Author Archives: NClark

What Concerned Student 1950 Knew about Activism at Mizzou

The following post is a reflection on events that happened over four years ago. Although there are many more relevant (and damning) details that a thorough fact-checking would turn up, I wanted to quickly write down my initial reaction to … Continue reading

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On Getting Stuck in our Origin Stories

Last month I accompanied a group of students and another faculty member to Amsterdam and Italy as part of a theological anthropology class. These destinations–one in northern, Protestant Europe and the other in southern, Catholic Europe–provided thought-provoking theological and cultural … Continue reading

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Where’s My #metoo?

As the #metoo campaign swept across my Facebook feed, gathering strength from the countless stories of sexual harassment and abuse in the workplace, and eventually reaching tsunami strength as it approached halls of power, it occurred to me that I … Continue reading

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#metoo in a Political Rhetoric Classroom

Over the past few days I’ve been listening to excellent podcast commentary on the #metoo phenomenon and the resulting ground-swell of sexual assault accusations in the news. As a result, I decided to scrap my original plans for my Rhetoric … Continue reading

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Syllabi and Resources

Minor in Rhetoric and Public Writing  ENG390 Writing as Social Action Syllabus (Fall 2016) Economic Justice Lesson Plan  This lesson plan and activity pairs well with a selection of Nickel and Dimed by Barbara Ehrenreich. It helps give students a sense … Continue reading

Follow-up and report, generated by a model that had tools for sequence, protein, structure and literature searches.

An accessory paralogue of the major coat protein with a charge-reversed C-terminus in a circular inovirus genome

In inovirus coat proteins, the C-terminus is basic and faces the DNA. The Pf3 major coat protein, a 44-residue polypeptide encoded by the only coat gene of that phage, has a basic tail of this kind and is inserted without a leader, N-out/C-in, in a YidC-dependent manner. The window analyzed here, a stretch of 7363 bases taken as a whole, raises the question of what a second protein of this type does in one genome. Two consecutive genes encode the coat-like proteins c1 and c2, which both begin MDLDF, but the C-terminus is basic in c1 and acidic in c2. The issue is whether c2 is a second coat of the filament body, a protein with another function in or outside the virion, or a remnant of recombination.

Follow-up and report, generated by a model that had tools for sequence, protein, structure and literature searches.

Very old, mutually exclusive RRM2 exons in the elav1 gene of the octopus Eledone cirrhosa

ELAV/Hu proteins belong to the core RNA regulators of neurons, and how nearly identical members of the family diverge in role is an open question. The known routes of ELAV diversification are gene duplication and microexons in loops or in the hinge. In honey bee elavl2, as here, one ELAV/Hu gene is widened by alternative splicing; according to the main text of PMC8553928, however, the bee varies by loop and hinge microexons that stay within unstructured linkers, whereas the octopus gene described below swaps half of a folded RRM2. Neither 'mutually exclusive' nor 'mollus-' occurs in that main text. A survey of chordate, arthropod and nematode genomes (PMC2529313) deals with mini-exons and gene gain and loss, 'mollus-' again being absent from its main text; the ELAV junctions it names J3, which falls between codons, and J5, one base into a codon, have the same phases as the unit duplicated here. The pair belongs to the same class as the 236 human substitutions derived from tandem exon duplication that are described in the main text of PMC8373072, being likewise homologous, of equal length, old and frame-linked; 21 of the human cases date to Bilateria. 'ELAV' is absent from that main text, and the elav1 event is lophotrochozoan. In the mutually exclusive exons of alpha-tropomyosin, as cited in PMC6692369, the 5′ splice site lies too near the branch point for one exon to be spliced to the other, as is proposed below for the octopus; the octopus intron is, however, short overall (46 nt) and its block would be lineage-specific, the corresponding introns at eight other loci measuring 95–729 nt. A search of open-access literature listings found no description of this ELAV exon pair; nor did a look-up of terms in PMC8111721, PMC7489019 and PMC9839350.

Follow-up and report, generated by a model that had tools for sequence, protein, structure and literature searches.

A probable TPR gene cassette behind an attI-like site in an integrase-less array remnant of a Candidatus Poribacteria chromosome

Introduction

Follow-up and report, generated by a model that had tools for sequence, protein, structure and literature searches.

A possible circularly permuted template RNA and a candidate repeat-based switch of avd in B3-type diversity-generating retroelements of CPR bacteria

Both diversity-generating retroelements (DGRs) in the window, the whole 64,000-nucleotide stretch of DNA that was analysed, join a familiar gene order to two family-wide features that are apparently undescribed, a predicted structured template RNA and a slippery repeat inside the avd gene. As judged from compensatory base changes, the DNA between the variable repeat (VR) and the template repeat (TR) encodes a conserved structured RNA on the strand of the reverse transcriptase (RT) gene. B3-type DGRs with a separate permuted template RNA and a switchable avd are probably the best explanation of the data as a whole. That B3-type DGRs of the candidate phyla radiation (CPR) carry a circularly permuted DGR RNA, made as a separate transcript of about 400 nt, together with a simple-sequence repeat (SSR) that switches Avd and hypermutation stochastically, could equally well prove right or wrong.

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Teaching Resources for Talking About Race in a Post-Truth Era

Reblogging my recent guest post at the Teaching PALS blog. If your most recent teacherly *face palm* during this high season of grading wasn’t prompted by a paper insisting on a singular, simplistic interpretation of a text, then it may … Continue reading

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Teaching Goals for This Semester

I finished my classes last May running on fumes. All year I was teaching new classes, trying out new strategies, attempting to keep students engaged with challenging material and projects. The semester wasn’t a flop, but the rewards felt meager when I … Continue reading

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Donald Trump: Our Scapegoat of the Moment

Responses to Donald Trump’s recent “solution” to the ongoing refugee crisis range from outrage to applause. Many appear to be convinced that closed borders, registries, badges, and internment camps are a matter of national security. An yet, as others are pointing … Continue reading

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Why the Duggars Say They’re Not Quiverfull

On Facebook a friend who is familiar with my area of research asked me to weigh in on the Josh Duggar scandal. (For anyone who has just returned from hiking in the wilderness without any access to TV or social media … Continue reading

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More Thoughts on Ed Tech

Today I find myself at the tail end of finals, a brief season of role-reversal where students work while professors Facebook. As a follow-up to my previous post, I wanted to point out a recent article that made a similar point, Why … Continue reading

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